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Special Exhibition—Eccentric Visions: The Worlds of Luo Ping (1733–1799)

Curator Mike Hearn takes us inside the extraordinary world of Luo Ping, discussing the range and brilliance of the artist's vision.


Mike Hearn: Hello. I'm Mike Hearn, curator in the Department of Asian Art at The Metropolitan Museum of Art. I'm also the curator of the first comprehensive exhibition of paintings by the extraordinary and celebrated Chinese eighteenth-century artist Luo Ping. The exhibition, Eccentric Visions: The Worlds of Luo Ping (1733–1799), brings together nearly sixty works—including many Chinese National Treasures—that reveal the range and brilliance of the artist's vision, as well as his place among his peers.

Luo Ping was one of a group of artists known in China as the Eight Eccentrics of Yangzhou. Yangzhou was like the New York City of its day. It was a large commercial city with many wealthy patrons and, as in the modern world of New York, the artists of the day sought to define their individuality in opposition to the demands of their patrons. So cultivating a sense of their eccentricity and individualism was a way to create a kind of distance between the artists and their patrons. Luo Ping moved in this environment but also made several trips to the capital—the political capital of China—Beijing, and there were really two different constituencies that Luo Ping serviced. In Yangzhou he was working primarily for wealthy merchant-patrons, whereas in Beijing he was often employed by men who were members of the scholarly elite, who were civil servants, officials in the capital. And so he had to differentiate the style of his art to suit the various clientele that he encountered in his life.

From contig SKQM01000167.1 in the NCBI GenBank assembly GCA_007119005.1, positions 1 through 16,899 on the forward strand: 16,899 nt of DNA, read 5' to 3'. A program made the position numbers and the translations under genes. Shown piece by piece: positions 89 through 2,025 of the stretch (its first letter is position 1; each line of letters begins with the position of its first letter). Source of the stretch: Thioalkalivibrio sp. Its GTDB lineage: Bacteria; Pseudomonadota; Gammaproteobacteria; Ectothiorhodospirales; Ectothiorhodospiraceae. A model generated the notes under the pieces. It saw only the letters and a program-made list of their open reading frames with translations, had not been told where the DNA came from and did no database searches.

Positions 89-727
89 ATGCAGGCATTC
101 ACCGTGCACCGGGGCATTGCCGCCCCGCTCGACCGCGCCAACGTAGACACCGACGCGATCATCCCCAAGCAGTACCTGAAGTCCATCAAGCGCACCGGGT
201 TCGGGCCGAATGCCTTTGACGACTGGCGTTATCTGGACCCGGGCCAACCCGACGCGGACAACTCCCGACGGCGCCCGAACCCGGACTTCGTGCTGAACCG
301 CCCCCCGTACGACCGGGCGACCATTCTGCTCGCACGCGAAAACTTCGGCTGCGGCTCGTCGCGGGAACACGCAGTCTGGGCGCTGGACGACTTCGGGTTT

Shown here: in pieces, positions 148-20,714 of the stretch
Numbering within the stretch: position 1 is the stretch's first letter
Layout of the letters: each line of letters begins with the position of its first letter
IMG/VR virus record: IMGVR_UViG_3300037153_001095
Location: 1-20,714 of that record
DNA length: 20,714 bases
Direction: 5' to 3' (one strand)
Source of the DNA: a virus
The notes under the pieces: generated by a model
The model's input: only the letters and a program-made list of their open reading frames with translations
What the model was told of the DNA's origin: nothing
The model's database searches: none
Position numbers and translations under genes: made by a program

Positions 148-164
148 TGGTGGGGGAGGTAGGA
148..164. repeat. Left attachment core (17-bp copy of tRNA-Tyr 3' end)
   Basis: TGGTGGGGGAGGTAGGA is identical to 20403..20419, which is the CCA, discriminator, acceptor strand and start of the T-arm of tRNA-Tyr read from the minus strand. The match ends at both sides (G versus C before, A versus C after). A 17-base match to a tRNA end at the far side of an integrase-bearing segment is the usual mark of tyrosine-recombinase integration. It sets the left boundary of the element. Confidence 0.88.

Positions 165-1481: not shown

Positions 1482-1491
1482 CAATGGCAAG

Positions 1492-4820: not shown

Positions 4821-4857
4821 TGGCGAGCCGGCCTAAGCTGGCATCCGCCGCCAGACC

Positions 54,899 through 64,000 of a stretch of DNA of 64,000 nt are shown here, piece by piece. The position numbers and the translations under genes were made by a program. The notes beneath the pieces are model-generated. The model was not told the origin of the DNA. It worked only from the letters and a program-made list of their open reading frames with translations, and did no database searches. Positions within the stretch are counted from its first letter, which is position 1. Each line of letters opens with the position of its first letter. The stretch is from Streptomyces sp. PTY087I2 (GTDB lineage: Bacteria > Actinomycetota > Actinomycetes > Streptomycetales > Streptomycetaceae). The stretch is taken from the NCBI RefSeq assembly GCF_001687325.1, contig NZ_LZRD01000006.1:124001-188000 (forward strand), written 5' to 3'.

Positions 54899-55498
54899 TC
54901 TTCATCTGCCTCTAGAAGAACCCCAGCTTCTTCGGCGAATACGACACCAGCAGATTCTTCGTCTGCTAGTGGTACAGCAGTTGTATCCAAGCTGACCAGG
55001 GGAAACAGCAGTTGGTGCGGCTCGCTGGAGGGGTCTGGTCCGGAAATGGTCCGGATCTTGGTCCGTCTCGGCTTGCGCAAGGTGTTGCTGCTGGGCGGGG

The exhibition explores both of these kinds of art works that he was called upon to make—both the more appealing narratives and popular subject matters that the Yangzhou merchant class would have found appealing, but also exploring the art of portraiture and how to represent these literati officials, not only through their superficial likeness, but through images of their homes, or their exploits, or even landscape as a way of conveying something of their identity that goes beyond simply their outward likeness.

In fact, Luo Ping's greatest contribution to the arts of China, in my opinion, is in the area of portraiture. Prior to the eighteenth century, portraiture in China was largely an anonymous craft. Portraits were usually commissioned for people to commemorate their deceased ancestors, and oftentimes the artisans who created those portraits worked from copybooks to get a generalized or idealized suggestion of what a person looked like, rather than an actual image.

By the eighteenth century, Jesuit missionaries had introduced European-style modeling to the art of portraiture in China. But still it remained an anonymous craft. But with Luo Ping, we see that portraiture takes on a new level of meaning. He's clearly influenced by ancient traditions of painting figures, and in several of the portraits in the exhibition we really have a sense of how he conveyed something not only of the superficial likeness of an individual, but actually captures something of their spirit and their inner identity.